Rena environmental monitoring
Environmental monitoring began soon after the grounding of the cargo vessel Rena on Otaiti (Astrolabe Reef) on 5 October 2011. Baseline sampling was initially undertaken:
- Water, sediment, shellfish, fish and algae were collected with habitat characterisation (photo and video) in a number of areas including Motiti Island, Karewa Island, Okaparu Reef and Motunau Island. This sampling was coordinated by a team from the University of Waikato and Bay of Plenty Polytechnic
- Sampling of water, sediment and shellfish was also coordinated by Tauranga City Council and Maritime New Zealand at a number of beach, estuarine and offshore island sites.
The samples have been analysed for a range of contaminants expected to be present in heavy fuel oil. The results provided a baseline against which future samples could be compared to assess the impacts of the incident.
This sampling provided the basis for a longer-term monitoring and research program which has been developed with input from key parties including iwi, MAF, DOC, Toi Te Ora Public Health Service and District Councils. Read about results of this monitoring on the Rena Recovery website.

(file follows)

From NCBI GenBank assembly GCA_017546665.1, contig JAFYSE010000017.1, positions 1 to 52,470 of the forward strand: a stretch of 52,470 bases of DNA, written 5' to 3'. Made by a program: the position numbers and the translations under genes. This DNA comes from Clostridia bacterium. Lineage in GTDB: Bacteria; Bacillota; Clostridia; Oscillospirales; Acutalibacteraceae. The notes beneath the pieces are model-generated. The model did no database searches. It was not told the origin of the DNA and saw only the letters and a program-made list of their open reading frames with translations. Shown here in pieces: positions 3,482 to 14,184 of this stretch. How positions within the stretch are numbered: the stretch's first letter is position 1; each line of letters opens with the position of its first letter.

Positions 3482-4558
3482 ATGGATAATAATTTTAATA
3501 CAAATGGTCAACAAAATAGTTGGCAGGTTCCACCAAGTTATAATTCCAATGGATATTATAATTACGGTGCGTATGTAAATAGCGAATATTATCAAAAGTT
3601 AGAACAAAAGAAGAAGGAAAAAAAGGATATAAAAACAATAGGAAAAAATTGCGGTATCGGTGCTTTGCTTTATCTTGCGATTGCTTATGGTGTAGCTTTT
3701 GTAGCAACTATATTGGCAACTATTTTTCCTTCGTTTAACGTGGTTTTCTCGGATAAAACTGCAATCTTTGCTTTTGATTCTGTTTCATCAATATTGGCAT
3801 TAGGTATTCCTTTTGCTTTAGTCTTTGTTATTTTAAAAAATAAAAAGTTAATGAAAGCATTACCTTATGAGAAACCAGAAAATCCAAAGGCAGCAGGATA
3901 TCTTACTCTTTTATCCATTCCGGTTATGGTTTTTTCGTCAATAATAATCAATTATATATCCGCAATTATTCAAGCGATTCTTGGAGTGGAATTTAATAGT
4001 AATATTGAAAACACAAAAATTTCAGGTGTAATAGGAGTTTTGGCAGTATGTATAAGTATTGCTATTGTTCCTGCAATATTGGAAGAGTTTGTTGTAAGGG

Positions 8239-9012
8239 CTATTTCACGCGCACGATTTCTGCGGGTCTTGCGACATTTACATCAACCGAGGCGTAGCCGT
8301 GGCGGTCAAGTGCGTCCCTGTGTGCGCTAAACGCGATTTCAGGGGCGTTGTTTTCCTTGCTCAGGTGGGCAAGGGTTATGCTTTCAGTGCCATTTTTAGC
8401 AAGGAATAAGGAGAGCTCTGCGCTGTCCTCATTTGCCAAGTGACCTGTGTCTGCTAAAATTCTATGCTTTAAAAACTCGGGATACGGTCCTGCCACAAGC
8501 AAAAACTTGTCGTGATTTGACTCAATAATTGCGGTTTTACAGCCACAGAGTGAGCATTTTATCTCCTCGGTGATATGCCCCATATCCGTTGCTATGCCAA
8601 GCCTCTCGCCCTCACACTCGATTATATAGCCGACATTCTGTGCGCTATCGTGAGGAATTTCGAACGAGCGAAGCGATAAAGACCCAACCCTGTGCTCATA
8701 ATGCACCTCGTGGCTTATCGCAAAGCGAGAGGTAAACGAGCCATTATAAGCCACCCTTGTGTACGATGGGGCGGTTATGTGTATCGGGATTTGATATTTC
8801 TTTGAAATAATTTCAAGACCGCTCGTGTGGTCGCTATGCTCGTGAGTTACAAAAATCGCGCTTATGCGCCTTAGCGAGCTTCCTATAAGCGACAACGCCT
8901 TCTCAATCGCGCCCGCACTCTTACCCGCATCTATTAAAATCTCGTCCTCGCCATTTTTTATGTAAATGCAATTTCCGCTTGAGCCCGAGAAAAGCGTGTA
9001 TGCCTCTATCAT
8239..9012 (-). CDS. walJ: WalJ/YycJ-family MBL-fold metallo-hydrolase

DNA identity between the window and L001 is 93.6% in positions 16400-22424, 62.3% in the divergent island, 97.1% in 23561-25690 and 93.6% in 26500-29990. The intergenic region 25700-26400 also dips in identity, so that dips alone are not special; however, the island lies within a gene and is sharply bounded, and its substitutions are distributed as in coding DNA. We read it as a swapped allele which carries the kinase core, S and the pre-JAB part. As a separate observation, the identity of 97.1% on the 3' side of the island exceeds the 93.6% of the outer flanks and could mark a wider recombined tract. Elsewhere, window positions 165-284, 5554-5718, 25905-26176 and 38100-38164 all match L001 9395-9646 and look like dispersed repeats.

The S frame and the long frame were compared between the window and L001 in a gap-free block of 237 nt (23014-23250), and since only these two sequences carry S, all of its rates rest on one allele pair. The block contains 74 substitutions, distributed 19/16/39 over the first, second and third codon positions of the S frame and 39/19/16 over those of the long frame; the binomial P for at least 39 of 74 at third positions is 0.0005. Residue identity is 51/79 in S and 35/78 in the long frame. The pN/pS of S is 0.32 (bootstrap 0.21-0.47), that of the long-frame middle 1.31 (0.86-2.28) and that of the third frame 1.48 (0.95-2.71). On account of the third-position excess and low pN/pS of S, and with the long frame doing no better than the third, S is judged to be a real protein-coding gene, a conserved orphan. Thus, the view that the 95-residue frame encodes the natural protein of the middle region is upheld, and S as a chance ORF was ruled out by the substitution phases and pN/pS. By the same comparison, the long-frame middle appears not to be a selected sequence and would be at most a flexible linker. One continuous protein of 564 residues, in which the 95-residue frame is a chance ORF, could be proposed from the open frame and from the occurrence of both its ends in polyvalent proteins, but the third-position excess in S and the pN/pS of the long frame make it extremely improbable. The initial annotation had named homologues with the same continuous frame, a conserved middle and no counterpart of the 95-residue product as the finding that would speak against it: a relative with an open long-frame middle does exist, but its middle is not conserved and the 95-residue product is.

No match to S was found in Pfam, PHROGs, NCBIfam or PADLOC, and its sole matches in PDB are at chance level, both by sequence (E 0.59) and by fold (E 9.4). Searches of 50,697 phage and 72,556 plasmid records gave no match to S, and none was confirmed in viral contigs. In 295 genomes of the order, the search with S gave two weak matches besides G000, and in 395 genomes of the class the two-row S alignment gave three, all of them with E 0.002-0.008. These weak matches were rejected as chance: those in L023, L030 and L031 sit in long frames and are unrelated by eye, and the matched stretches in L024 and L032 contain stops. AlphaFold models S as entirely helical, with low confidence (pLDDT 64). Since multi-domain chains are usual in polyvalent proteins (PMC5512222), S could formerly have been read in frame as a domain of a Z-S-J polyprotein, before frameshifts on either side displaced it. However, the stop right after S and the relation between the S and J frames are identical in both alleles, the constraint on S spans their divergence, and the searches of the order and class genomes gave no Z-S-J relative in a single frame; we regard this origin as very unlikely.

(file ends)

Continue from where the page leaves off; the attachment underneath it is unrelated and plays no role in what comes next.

What is in the oil?
Oil from the Rena grounding contains polycyclic aromatic hydrocarbon compounds (PAHs), which are known to be harmful to humans and wildlife. High levels of these compounds in shellfish and other marine life may render them unsuitable for consumption. Information on the composition of the oil is important when making decisions about which contaminants to monitor for.
Read more about results of environmental monitoring on the Rena Recovery website. For information on whether it is safe to consume seafood please refer to the Toi Te Ora Public Health website.
For further information please contact Rob Donald, Science Manager, Bay of Plenty Regional Council (firstname.lastname@example.org)